Phil Castle, The Business Times
A downturn in new business filings in Colorado during the first quarter heralds a downturn in the state economy caused the coronavirus, officials say.
The extent and length of downturn will depend on the spread of the virus; how quickly businesses reopen and whether or not people will feel comfortable to shop, eat out and travel.
“We’re going to feel the effects of this pandemic for many months to come,” said Richard Wobbekind, a senior economist and faculty director at the Leeds School of Business at the University of Colorado at Boulder.
Jena Griswold, Colorado secretary of state, agreed. “This pandemic has touched all of Colorado and will continue to do so for the foreseeable future.”
According to a report compiled by the research division of the Leeds School of Business, a total of 33,848 corporations, nonprofits and other entities filed initial documents with the Colorado secretary of state’s office during the first quarter. That’s a decrease of 5.6 percent compared to the first quarter of 2019.
New entity filings increased on a year-over-year basis in January, but then began to decrease. Filings fell more than 30 percent in the last two weeks of March.
A total of 125,090 new entity filings were recorded for the year ending in the first quarter. That’s a decrease of 1.4 percent over the same span last year.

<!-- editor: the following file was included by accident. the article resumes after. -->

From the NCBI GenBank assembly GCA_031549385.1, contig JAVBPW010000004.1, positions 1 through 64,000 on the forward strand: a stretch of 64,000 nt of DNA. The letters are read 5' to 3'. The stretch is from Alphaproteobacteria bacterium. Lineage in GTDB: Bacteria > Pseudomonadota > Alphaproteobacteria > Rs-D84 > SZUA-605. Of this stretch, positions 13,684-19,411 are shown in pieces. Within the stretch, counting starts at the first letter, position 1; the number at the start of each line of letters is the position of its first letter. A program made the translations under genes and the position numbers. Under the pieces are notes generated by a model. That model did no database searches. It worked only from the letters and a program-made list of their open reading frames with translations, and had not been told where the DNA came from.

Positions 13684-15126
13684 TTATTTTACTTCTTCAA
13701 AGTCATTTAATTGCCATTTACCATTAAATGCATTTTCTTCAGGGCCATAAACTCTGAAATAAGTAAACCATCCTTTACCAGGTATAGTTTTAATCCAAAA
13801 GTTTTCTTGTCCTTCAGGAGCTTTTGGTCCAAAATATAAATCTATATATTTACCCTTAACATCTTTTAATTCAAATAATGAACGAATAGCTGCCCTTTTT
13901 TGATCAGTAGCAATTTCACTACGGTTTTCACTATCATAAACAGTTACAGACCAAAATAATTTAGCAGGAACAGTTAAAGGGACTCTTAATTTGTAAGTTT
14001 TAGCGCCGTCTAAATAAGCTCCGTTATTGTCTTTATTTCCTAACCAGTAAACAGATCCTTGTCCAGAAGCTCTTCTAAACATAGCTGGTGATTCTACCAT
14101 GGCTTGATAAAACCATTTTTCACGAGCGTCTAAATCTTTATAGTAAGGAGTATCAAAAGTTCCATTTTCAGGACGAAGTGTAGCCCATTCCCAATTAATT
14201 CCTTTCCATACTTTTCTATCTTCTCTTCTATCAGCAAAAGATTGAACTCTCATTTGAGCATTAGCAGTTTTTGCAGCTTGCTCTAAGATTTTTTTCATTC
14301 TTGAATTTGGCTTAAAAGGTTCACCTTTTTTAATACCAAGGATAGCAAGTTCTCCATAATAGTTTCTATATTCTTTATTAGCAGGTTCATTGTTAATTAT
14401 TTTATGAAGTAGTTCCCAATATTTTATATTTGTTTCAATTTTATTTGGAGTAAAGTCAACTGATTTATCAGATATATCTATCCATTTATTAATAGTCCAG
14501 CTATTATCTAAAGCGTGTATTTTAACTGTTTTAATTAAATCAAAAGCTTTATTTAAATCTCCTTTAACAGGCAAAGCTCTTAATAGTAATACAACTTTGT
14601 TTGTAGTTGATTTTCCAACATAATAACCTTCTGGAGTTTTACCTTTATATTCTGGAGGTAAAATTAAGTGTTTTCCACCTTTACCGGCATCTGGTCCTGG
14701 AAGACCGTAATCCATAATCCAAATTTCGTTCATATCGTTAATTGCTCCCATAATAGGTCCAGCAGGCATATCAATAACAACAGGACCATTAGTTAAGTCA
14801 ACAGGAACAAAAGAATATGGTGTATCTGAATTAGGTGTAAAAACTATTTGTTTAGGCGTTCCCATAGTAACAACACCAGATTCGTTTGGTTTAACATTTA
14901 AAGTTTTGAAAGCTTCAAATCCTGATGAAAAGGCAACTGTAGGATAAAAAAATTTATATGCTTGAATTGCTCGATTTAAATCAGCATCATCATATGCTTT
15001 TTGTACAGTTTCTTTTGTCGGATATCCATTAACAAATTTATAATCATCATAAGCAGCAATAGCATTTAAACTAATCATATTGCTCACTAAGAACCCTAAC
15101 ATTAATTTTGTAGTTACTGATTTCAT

Other numbers from the secretary of state’s office offered mixed results.
A total of 172,267 renewals for existing entities were recorded for the first quarter of 2020, a gain of 7.8 percent over the first quarter of 2019.
At 10,363, dissolution filings increased 6 percent during the first quarter of 2020 over the same quarter last year.
The overall number of corporations, companies and other entities in operation in Colorado continues to grow. For the first quarter of 2020, there were a total of 744,380 entities in good standing. That’s an increase of 3.7 percent of the first quarter of 2019.
New business filings constitute a leading indicator of job growth and economic conditions, Wobbekind said.
For March, the latest month for which estimates are available, nonfarm payrolls decreased 3,900 in Colorado from the month before. The unemployment rate rose two points to 4.5 percent.
More than 300,000 initial claims for unemployment benefits were filed in Colorado for the five weeks preceding April 18 — the equivalent of the last three years of claims combined.
The Leeds Business Confidence Index, a measure based on surveys of business leaders across Colorado, dropped more than 21 points to 29.7 going into the second quarter. That reading is the lowest for the index since its inception in 2003.
Brian Lewandowski, executive director of the research division at the Leeds School of Business, said national indicators also offer a look at what’s likely to occur in Colorado.
Gross domestic product, the broad measure of goods and services produced in the country, contracted at annual rate of 4.8 percent for the first three months of the year — the first quarterly contraction since 2014 and largest since the Great Recession.
Retail sales dropped a record 8.7 percent in March. While sales jumped 26.9 percent at grocery stores, sales fell 26.8 percent in furniture stores and 50.5 percent at clothing retailers.
Wobbekind said the Colorado economy was slowing before the onset of the coronavirus pandemic and low oil prices have hurt the energy sector.
But the economy was stronger in Colorado than many other areas of the United States, which could portend a stronger rebound, he said.
A diverse economy in Colorado helps as well, Griswold said. “It puts us on a better footing.”
More federal assistance will be needed, though, she said. The response so far has been insufficient in helping those most in need.